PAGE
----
Here's a picture of an unopened husk. Seemed pretty round to me. This one is greenish, but I saw some on the tree that had already opened, and also had very small nuts. I put my finger in so you can see size.



That is an American Chestnut, small shriveled nuts indicate several things; 1) not enough water got to the roots during the growing of the nuts and 2) there was not sufficient pollinator activity.
If you see large, almost base ball sized burrs those will have good nuts in them, usually only one will develop fully per burr. Burrs generally have four nuts available for pollination but only one will grow to full size.
If you find some full sized nuts, and you want to grow a tree from them, you would need to stratify the seeds in moist peat moss at a temp of 40-36 degrees for 120 days then plant one inch deep and water. The seed should be laid on its side, not like you would plant any other seed.
 
Lori Ziemba
Posts: 151
Location: Northern California Mediterranean climate zone 10b
2
books chicken dog forest garden greening the desert urban
  • Mark post as helpful
  • send pies
  • Quote
  • Report post to moderator

Jd Gonzalez wrote:https://www.flickr.com/photos/oikostreecrops/4403791431/in/photostream

Chinquapin Hybrid Chestnut — Castanea pumila hybrida.

Kind of looks similar.



Wow, you're right! It does look like it! Do "real" chestnuts have that little feathery topknot?
 
Lori Ziemba
Posts: 151
Location: Northern California Mediterranean climate zone 10b
2
books chicken dog forest garden greening the desert urban
  • Mark post as helpful
  • send pies
  • Quote
  • Report post to moderator
I went back yesterday to take more pictures. Good thing I did, almost all the burrs are gone.
20151005_172458.jpg
[Thumbnail for 20151005_172458.jpg]
20151005_172522.jpg
[Thumbnail for 20151005_172522.jpg]
20151005_172605.jpg
[Thumbnail for 20151005_172605.jpg]
 
Lori Ziemba
Posts: 151
Location: Northern California Mediterranean climate zone 10b
2
books chicken dog forest garden greening the desert urban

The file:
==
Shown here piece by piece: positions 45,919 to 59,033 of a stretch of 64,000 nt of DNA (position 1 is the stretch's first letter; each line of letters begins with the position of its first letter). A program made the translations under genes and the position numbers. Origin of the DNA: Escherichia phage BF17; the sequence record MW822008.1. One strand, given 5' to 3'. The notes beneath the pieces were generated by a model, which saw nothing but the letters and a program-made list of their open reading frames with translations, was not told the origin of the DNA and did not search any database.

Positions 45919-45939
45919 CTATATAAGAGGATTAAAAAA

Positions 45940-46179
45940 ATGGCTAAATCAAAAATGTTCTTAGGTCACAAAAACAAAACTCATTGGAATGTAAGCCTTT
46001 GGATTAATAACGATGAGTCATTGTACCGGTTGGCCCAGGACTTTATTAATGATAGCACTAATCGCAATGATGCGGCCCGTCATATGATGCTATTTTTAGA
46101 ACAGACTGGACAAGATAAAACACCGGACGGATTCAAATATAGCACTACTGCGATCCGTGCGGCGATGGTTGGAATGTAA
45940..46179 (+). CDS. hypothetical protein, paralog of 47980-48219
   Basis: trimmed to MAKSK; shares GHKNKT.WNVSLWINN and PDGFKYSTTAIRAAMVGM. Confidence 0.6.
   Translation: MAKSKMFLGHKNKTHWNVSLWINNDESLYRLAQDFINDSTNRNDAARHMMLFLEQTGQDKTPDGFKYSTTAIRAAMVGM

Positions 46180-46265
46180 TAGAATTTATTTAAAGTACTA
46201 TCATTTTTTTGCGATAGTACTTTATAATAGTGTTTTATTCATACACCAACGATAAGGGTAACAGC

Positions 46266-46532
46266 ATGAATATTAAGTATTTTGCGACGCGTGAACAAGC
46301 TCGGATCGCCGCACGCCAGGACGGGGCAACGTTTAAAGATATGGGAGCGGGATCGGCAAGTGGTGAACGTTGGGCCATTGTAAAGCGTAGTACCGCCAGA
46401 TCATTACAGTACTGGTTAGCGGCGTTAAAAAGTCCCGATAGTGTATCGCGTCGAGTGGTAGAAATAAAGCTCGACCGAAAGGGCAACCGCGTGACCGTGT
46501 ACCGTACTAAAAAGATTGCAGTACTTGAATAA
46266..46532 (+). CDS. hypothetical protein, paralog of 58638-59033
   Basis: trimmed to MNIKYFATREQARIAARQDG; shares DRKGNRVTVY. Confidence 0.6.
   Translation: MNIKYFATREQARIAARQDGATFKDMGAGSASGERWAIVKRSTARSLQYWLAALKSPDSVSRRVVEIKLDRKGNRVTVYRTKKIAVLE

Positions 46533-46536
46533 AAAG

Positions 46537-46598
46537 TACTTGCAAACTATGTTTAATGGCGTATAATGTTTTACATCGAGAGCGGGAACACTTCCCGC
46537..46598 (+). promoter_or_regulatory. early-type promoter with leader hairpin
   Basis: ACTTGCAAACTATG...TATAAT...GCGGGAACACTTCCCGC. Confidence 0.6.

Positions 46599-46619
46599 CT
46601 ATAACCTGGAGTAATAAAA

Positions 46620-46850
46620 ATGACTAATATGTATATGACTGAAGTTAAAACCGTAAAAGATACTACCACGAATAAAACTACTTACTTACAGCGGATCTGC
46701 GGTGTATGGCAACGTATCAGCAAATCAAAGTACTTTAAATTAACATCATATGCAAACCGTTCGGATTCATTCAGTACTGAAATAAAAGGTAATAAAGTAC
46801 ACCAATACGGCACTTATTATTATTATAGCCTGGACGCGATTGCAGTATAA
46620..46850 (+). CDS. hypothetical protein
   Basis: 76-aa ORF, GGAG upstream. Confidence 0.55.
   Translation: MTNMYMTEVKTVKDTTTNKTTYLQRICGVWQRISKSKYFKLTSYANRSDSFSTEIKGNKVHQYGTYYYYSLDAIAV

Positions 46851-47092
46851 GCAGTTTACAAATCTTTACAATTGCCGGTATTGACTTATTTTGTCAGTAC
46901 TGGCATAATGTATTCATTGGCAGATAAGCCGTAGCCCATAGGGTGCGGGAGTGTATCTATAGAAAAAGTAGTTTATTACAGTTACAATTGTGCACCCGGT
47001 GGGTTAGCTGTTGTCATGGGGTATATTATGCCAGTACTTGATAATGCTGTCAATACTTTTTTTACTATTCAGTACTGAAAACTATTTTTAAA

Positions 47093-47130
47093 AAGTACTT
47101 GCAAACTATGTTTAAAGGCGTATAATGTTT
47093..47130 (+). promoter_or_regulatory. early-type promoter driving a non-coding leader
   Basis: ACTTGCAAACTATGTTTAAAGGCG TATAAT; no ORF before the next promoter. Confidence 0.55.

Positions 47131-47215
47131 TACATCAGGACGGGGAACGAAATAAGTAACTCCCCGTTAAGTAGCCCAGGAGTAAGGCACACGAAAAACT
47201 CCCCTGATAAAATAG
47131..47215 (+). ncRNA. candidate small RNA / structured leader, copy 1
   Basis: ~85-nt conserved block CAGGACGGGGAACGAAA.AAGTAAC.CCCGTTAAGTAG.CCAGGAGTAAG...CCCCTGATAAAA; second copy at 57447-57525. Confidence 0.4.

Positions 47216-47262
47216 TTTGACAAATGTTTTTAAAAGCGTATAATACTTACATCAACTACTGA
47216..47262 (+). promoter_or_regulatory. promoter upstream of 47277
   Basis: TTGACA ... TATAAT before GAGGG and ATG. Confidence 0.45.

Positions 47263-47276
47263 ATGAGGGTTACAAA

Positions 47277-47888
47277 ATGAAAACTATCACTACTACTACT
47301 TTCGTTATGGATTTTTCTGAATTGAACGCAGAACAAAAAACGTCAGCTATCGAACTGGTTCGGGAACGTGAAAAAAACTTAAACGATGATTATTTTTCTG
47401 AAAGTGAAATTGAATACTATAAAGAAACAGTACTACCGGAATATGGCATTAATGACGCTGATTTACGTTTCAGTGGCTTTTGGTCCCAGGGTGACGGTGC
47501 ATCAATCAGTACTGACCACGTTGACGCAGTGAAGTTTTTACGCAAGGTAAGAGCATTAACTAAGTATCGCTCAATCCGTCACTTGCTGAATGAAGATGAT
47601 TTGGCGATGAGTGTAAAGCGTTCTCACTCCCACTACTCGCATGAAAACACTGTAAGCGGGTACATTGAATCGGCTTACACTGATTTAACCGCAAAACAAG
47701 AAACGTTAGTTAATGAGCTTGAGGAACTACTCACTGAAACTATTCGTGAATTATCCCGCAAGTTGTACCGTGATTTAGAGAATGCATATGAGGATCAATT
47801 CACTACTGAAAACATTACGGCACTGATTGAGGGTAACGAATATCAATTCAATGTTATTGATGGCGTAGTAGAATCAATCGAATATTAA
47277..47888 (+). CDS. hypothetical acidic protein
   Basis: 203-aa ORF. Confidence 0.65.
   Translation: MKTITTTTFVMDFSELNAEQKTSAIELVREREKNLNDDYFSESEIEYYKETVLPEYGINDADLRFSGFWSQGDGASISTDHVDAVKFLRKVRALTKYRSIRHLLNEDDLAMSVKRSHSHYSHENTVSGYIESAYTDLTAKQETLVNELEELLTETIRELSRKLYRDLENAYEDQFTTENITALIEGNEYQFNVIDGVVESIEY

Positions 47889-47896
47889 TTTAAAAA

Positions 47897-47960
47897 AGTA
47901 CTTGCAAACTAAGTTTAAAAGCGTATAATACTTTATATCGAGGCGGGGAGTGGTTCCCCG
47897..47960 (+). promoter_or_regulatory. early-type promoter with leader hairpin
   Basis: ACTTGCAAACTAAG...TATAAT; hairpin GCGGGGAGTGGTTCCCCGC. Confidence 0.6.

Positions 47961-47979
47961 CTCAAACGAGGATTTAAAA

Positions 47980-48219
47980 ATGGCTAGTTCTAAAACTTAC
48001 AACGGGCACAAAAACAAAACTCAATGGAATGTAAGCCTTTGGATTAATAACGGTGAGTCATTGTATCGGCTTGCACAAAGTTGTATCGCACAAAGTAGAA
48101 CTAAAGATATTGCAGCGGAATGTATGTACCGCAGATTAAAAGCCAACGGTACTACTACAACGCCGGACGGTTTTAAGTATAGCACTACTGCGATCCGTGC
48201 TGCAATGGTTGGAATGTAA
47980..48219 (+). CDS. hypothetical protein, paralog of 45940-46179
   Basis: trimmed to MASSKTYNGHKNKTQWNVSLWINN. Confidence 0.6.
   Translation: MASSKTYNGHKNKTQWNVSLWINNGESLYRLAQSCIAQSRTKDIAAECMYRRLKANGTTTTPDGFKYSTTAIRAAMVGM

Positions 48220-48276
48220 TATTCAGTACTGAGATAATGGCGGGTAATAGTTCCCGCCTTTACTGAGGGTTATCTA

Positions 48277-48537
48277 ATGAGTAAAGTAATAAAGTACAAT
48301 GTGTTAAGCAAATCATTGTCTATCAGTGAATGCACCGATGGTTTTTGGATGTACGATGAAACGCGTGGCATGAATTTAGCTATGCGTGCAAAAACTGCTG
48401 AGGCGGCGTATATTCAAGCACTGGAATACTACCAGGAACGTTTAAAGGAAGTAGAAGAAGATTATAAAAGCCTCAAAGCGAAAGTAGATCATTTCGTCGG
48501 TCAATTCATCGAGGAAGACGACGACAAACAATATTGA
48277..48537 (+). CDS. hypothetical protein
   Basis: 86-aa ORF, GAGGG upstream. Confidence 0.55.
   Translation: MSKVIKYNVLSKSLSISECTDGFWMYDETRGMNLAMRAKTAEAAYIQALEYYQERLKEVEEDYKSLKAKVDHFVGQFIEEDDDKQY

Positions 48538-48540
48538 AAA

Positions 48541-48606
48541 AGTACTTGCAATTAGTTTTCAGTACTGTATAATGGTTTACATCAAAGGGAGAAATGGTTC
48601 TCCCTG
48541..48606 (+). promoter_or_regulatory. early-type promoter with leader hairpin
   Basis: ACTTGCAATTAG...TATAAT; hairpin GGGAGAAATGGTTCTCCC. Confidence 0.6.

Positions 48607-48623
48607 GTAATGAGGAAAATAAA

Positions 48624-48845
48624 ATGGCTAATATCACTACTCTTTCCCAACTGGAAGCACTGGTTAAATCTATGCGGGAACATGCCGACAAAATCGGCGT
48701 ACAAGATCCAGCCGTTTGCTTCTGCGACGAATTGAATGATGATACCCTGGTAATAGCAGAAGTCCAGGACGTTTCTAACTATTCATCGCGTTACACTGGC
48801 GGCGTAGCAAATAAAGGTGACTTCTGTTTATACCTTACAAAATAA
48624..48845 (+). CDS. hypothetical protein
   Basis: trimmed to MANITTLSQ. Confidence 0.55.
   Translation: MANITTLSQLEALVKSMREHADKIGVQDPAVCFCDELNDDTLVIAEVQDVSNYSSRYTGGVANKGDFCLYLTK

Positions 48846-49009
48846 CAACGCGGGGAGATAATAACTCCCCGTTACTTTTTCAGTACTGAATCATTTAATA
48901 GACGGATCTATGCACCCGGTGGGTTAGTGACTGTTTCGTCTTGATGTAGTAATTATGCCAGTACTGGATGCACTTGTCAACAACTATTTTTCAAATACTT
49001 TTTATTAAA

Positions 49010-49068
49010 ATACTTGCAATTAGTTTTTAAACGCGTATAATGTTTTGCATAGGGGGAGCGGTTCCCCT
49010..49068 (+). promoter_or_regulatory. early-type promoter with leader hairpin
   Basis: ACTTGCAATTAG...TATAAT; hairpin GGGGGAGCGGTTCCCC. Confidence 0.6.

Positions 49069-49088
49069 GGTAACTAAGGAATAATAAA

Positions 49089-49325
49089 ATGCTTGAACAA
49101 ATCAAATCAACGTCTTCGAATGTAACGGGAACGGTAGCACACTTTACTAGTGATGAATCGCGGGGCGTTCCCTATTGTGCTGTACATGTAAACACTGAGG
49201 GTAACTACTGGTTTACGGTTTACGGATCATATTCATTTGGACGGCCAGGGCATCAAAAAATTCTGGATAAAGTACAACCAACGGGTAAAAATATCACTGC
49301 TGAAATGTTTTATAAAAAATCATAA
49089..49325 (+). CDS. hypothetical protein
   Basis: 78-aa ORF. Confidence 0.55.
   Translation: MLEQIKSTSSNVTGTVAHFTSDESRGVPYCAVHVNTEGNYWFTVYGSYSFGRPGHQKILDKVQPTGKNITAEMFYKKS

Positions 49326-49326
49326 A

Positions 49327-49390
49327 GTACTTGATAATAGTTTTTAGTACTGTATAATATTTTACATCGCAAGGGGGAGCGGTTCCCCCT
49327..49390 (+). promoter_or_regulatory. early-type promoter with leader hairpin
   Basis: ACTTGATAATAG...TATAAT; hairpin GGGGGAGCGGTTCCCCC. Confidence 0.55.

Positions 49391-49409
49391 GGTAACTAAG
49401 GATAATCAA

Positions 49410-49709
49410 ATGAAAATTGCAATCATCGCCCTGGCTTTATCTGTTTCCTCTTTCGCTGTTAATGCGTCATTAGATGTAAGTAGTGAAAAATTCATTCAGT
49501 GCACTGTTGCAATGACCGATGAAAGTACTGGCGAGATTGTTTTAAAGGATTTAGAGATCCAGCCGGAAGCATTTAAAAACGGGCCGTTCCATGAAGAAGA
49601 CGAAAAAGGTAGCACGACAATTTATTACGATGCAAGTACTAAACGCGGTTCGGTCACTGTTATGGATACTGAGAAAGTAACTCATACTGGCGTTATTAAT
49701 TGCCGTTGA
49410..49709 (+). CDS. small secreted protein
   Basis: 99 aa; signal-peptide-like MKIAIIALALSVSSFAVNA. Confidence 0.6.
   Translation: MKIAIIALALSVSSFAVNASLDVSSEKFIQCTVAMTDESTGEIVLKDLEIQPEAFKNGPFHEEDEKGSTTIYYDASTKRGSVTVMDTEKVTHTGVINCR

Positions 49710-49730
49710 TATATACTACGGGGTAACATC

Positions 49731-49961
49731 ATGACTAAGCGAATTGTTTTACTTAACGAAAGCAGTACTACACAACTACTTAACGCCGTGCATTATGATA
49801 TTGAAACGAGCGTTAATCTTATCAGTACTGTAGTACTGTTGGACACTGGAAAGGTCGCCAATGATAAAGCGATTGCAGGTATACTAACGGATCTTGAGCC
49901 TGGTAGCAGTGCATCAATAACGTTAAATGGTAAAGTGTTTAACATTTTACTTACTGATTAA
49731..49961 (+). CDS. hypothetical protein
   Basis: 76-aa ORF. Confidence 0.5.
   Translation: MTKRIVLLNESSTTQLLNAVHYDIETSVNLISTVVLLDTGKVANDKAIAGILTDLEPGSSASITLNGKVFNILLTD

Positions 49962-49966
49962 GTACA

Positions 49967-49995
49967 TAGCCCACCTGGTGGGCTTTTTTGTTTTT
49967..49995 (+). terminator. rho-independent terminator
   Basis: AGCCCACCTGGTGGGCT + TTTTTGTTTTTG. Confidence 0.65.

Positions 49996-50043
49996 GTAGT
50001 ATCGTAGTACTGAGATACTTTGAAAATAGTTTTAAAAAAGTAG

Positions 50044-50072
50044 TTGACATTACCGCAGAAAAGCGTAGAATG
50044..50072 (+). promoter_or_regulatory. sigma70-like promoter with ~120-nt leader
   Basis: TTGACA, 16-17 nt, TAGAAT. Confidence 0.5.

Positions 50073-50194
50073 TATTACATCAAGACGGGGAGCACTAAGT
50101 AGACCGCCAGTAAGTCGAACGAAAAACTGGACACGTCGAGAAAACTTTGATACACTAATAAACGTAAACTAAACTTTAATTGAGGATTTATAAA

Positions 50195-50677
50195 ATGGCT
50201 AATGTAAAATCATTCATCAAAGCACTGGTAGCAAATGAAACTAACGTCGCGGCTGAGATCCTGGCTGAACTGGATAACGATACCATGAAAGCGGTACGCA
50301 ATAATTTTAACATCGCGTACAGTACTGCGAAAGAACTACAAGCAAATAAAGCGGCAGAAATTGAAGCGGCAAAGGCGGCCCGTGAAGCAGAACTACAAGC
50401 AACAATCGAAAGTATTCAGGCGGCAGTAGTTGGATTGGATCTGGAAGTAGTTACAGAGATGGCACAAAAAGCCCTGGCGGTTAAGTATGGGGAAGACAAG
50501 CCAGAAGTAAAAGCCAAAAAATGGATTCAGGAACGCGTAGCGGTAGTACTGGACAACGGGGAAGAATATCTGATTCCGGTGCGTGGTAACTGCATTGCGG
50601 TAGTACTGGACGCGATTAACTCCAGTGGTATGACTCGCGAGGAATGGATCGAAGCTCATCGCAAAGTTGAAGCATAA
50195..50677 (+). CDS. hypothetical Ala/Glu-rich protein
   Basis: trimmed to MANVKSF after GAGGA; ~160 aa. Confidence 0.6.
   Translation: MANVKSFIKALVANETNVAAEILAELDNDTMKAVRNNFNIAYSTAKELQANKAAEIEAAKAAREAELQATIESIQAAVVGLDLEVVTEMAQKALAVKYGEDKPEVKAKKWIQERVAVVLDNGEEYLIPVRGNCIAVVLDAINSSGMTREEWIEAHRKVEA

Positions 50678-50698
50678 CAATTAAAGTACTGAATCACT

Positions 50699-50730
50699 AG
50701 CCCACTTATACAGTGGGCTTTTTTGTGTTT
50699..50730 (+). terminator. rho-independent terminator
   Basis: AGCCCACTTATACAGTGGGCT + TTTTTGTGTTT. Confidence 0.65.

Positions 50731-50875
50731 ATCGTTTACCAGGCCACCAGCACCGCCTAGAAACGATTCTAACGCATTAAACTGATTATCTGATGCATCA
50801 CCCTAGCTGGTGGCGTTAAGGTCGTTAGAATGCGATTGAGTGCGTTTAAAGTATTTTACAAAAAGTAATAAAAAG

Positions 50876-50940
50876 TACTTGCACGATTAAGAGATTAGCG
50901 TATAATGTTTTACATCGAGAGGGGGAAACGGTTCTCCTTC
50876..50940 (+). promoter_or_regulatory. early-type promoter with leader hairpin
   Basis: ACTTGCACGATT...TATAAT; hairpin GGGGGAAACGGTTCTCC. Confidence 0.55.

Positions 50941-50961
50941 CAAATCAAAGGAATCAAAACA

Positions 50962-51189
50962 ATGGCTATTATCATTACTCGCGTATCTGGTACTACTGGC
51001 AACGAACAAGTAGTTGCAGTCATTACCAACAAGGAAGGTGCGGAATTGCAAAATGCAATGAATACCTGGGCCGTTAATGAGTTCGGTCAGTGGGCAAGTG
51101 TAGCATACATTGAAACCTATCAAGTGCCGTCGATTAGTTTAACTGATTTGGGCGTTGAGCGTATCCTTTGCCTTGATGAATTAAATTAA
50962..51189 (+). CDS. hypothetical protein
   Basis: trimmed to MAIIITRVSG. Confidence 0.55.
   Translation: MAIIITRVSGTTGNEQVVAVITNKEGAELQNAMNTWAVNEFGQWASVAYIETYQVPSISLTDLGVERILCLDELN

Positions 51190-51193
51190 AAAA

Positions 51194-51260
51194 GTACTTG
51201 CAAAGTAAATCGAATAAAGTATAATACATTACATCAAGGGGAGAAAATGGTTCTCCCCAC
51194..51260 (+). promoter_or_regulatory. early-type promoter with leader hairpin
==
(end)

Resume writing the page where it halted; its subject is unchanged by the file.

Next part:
• Mark post as helpful
  • send pies
  • Quote
  • Report post to moderator
more pix:
20151005_172658.jpg
[Thumbnail for 20151005_172658.jpg]
20151005_172712.jpg
[Thumbnail for 20151005_172712.jpg]
20151005_172818.jpg
[Thumbnail for 20151005_172818.jpg]
 
Lori Ziemba
Posts: 151
Location: Northern California Mediterranean climate zone 10b
2
books chicken dog forest garden greening the desert urban
  • Mark post as helpful
  • send pies
  • Quote
  • Report post to moderator
And a few more:
20151005_172839.jpg
[Thumbnail for 20151005_172839.jpg]
20151005_172903.jpg
[Thumbnail for 20151005_172903.jpg]
 
Lori Ziemba
Posts: 151
Location: Northern California Mediterranean climate zone 10b
2
books chicken dog forest garden greening the desert urban
  • Mark post as helpful
  • send pies
  • Quote
  • Report post to moderator
I found a small stand of 5-6, much larger chestnuts growing around a lake.  Same deal as above, the nuts are small and not filled out.  Why are they not being pollinated?   Shouldn't 6 trees be enough for cross pollination?   This mystery is killing me!
 
Posts: 1
  • Mark post as helpful
  • send pies
  • Quote
  • Report post to moderator
Could it be that the trees are not receiving enough water?
 
pollinator
Posts: 418
Location: mountains of Tennessee
65
bee chicken homestead
  • Mark post as helpful
  • send pies
  • Quote
  • Report post to moderator
chestnut project
 
Lori Ziemba
Posts: 151
Location: Northern California Mediterranean climate zone 10b
2
books chicken dog forest garden greening the desert urban
  • Mark post as helpful
  • send pies
  • Quote
  • Report post to moderator

Marlo Mattson wrote:Could it be that the trees are not receiving enough water?



Well, they're growing right on the edge of a lake, so I don't think water is a problem. 

Are they self fertile?   Could it be that they are clones, so there is no cross pollination?
 
Posts: 398
Location: Bothell, WA - USA
15
duck food preservation solar trees
  • Mark post as helpful
  • send pies
  • Quote
  • Report post to moderator
My American chestnuts will usually have 2 filled out nuts and one little sliver like that.  Between the squirrels and the deer, I usually only find the husk and the little sliver with the meaty nuts long gone.
 
They weren't very bright, but they were very, very big. Ad contrast:
Food Forest Card Game - Game Forum
https://permies.com/t/61704/Food-Forest-Card-Game-Game
  • Post Reply Bookmark Topic Watch Topic
  • New Topic
Boost this thread!